Egyptian President Abdel Fattah al-Sisi urged the United States and Europe on Thursday to urgently assist the Libyan army in its fight against Islamist militants.
“When we deal with terrorism only in Iraq and Syria, Libya will begin to be an attractive region for terrorists affecting the stability of… Libya and its neighbors. We will need the same measures happening in Iraq and Syria to be taken in Libya,” Sisi said in an interview with France 24.
The Islamic State of Iraq and Syria (ISIS) group has captured large swathes of land in Iraq and Syria and is now facing US-led airstrikes that have so far failed to stop the advance of its militants.
“The international community – Europe and the Americans – must help the Libyan national army regain its position and combat terrorism in Libya to restore security and stability,” Sisi added.
Since the 2011 NATO intervention in Libya, the authorities in the North African nation have failed to exert control over all of the country’s components.
The country is grappling with a sharply deteriorating security as it is effectively controlled by former rebels who, alongside other NATO-backed groups, helped in the toppling of dictator Muammar Gaddafi but are now using their guns to fight for power.
The UN and major powers recognize the House of Representatives and Prime Minister Abdullah al-Thani’s government. But Libya’s Supreme Court, still based in Tripoli, declared in early November the House of Representatives unconstitutional.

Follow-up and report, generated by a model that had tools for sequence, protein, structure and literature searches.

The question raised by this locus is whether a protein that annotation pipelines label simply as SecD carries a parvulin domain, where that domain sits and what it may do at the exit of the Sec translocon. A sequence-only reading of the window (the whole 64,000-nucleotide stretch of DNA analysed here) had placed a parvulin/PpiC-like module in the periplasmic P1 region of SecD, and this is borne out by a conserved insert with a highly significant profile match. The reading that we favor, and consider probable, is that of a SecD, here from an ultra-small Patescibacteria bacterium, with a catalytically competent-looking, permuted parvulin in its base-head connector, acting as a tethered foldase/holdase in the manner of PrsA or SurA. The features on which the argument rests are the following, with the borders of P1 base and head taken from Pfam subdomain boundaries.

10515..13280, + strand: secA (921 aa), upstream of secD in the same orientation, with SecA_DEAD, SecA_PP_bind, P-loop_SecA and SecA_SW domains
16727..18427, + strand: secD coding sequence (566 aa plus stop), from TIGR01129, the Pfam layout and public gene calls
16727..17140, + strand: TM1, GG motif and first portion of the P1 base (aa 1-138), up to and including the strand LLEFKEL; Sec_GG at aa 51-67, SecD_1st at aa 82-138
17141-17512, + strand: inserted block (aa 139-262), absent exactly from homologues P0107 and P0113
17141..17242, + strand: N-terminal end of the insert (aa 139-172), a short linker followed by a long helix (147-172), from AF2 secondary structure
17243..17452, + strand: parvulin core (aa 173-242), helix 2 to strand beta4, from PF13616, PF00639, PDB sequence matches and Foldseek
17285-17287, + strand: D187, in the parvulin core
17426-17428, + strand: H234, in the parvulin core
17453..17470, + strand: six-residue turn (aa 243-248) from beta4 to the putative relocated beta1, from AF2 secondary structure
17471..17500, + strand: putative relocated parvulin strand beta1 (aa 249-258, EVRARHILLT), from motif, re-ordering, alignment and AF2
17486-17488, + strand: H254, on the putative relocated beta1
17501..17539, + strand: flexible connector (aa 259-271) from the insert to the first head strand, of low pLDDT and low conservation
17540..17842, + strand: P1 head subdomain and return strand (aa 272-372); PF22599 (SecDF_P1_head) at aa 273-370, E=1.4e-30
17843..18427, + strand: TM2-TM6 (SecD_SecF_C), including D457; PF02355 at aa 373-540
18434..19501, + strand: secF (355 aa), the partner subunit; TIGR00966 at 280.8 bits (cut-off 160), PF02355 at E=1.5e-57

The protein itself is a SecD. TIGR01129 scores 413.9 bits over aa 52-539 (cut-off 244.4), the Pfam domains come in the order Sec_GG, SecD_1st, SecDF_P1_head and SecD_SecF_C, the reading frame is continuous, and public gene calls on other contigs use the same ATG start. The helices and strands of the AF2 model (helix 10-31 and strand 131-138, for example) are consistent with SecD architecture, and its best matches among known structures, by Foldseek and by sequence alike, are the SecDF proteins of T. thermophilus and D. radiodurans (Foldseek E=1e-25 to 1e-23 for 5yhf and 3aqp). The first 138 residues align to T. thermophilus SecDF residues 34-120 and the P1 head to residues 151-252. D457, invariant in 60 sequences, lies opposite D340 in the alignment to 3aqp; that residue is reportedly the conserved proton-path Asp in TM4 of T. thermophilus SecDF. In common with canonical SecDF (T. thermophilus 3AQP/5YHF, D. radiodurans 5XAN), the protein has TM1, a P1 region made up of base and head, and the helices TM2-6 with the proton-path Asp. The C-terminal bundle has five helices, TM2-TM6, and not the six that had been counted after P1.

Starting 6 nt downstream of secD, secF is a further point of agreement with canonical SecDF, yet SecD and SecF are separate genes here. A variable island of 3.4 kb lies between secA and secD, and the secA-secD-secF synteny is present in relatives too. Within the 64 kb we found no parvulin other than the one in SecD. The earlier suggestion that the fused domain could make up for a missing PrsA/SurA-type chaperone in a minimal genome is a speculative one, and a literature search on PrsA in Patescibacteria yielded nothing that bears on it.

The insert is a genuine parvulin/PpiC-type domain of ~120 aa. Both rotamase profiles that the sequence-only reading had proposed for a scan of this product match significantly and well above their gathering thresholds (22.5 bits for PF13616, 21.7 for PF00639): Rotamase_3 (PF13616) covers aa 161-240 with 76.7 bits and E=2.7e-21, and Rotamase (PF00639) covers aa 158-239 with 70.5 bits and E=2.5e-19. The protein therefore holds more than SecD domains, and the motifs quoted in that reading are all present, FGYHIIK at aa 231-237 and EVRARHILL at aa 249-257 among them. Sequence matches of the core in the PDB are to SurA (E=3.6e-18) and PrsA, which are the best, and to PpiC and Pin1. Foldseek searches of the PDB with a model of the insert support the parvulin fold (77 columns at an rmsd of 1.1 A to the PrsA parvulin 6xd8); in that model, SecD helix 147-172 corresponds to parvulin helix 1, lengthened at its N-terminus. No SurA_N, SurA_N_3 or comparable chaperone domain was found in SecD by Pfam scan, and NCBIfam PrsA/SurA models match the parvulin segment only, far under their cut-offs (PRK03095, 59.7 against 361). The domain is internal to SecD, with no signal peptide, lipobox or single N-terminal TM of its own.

Now two governments vie for legitimacy, one in Tripoli linked to Islamist militias, and an internationally-recognized government in the eastern city of Tobruk.
Moreover, Sisi affirmed on Thursday that Egypt was supporting the Libyan army but said it had refrained from direct intervention within the country.
“If we intervened directly, I would not hesitate to announce that. But all we have done so far is to help the Libyan national army, the Libyan parliament, and the Libyan government.”
Egypt claims militants cross the border to help Egyptian jihadist group Ansar Beit al-Maqdis, who swore allegiance earlier this month to ISIS, attack Egypt’s security forces in the Sinai Peninsula.
In early October, Thani announced that Libya and Egypt were coordinating on border security and training army and police.
As a result, Egypt has been training anti-Islamist Libyan forces on its soil and sharing intelligence in a bid to stamp out militancy next door.
Security officials say Libyan pilots in Egyptian warplanes bombed militant targets in Libya earlier this year, but officials in Cairo said non-intervention is the guiding policy.
“There are no Egyptian armed forces in Libya,” Sisi said. “We protect our borders from inside our borders.”
Source: Al-Akhbar English